Richard always found it difficult to be monogamous. His pattern for many years was to try and find someone who was perfect, in the hope this would stop him wanting to wander. He would oscillate between being a tart, free but lonely, and finding companionship but feeling trapped. Neither state was satisfactory. What he really wanted was someone he could be with – a really good friend – so that together they could have sex with other people. His current partner told him it was okay for him to date other girls, but he still felt trapped and resentful. “Surprisingly, the freeing thing for me is for her to go off with other people. It makes her feel more attractive to me, because other people want her, and I’m happier with her.”

Does Your Mother Know?

Coming out as a polyamorist is not unlike coming out as gay.  In some ways, poly people are even more marginalised in society, since civil partnerships can only be made between two people, and you can only have one legal next-of-kin.  Social systems are set up for singles or couples, and polyamory is outside most people’s frame of reference.   “Office parties and weddings are difficult,” says Polly. “You get an invitation for you plus one, so you either have to get back to them and say, ‘Can I have a plus two?’ or go on your own.”

Amy decided to introduce her mother to both her girlfriends at once. Polly and Amy’s other partner were both terrified.  Amy’s mother was bemused, but mostly glad that all three of them seemed to be happy. She smiled sweetly, asked both girlfriends what they did, then they all went shopping.  Polly hasn’t told her own mother yet, partly because she has a closer relationship with her and speaks to her every day, which makes it harder.  She has told her sister: “It was hilarious. She said, ‘I know, I’ve been stalking you on facebook.’”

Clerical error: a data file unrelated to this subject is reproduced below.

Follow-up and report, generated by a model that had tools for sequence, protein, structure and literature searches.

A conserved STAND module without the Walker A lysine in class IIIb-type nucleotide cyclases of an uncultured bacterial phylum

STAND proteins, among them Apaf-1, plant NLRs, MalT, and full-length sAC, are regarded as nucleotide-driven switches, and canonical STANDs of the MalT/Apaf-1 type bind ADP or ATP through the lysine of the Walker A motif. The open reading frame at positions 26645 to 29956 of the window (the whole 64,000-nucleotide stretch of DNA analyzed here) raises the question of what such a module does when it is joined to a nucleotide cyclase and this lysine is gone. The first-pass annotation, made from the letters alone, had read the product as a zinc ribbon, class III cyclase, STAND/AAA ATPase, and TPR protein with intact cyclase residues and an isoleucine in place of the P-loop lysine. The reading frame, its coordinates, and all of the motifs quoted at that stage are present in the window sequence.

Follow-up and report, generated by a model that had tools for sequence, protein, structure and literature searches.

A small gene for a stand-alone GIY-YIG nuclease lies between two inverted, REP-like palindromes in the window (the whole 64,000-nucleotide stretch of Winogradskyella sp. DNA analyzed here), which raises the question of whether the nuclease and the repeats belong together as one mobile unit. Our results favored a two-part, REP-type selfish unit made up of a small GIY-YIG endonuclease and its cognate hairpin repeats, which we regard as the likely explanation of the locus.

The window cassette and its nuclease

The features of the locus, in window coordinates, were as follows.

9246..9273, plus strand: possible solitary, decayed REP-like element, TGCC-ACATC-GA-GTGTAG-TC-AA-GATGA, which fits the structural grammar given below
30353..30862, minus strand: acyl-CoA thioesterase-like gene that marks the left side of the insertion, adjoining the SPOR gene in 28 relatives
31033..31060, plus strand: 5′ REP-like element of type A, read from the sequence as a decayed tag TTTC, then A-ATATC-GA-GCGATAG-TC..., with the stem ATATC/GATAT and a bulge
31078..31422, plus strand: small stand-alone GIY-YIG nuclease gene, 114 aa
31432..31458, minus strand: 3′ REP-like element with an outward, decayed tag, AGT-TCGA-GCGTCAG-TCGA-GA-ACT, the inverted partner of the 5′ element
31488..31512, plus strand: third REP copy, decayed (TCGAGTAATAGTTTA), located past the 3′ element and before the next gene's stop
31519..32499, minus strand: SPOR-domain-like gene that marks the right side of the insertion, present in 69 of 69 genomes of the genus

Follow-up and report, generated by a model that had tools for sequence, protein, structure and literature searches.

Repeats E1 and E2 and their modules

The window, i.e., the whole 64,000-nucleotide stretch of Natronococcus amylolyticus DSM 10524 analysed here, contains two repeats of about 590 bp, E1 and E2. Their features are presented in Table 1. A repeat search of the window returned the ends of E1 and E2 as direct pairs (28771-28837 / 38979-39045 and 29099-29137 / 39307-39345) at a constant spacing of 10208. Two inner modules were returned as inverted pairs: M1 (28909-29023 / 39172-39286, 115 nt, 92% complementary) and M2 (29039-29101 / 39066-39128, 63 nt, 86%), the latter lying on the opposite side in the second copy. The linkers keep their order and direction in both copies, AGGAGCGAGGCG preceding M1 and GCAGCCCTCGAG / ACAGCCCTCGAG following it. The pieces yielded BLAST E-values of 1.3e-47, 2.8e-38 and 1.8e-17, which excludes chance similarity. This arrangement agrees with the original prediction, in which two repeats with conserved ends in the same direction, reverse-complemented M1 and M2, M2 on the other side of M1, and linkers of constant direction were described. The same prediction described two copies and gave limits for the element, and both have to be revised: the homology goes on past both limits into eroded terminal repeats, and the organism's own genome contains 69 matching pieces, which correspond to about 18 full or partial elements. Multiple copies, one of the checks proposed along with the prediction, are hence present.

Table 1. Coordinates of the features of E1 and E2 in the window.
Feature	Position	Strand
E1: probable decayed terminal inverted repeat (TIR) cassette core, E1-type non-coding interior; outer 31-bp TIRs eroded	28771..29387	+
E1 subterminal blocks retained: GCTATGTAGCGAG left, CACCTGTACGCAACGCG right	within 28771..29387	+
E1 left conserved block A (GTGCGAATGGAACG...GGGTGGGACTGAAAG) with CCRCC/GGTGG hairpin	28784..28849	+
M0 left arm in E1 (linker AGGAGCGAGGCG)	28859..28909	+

Polly explains that although she doesn’t know anyone whose parents have reacted badly, some friends are less accepting, often out of concern. “They’re worried about your welfare – they think you must be being taken for a ride.” Monogamous friends can be frightened by a more flexible alternative to their own relationship model, particularly those who are married with children, who only have one choice: divorce or stay together for life. Some friends’ partners feel threatened: “You’re going out with that polyamorist, she’s gonna brainwash you into sleeping with her.”

“That’s all very modern”

Polly tells me about the time her other partner was trying to explain her love life to her father, who’s a vicar: “I suppose Polly is my girlfriend, and Adam is my boyfriend.” “Oh, that’s all very modern,” replied her father, “you’ve got one of each.”

Is polyamory really very modern, though? This morning, coincidentally, I finished reading a novel by Colette, Claudine en Ménage, written in 1902, which tells the story of the 20-year-old heroine’s ménage a trois with her 45-year-old husband and her female lover. Claudine’s indulgent husband sets her up with a shag pad she can take her lady friend, then moves in on Claudine’s lover himself. Our feisty young heroine catches them at it and flounces off to her father’s country house, where she sulks a bit before realising that the problems between her and her husband are nothing to do with the other woman and everything to do with bad communication between them; basically, the archetypal polyamorous ethos that sexual experimentation can only work alongside openness and honesty.  Ah, but that’s fiction, you say. One look at the author’s own life will reassure you that, if anything, she was even more of an unapologetic polyamorist in life than she was in art.

100-year-old polyamory may seem impressive, but the recently published book Sex At Dawn ( ) goes even further back. A lot further back. It turns out prehistoric man lived in egalitarian groups that shared food, child care, and, yes, sexual partners. So polyamory came before monogamy, which is, in fact, the Johnny-come-lately of sexual mores, not the original model after all (sorry, Adam and Eve).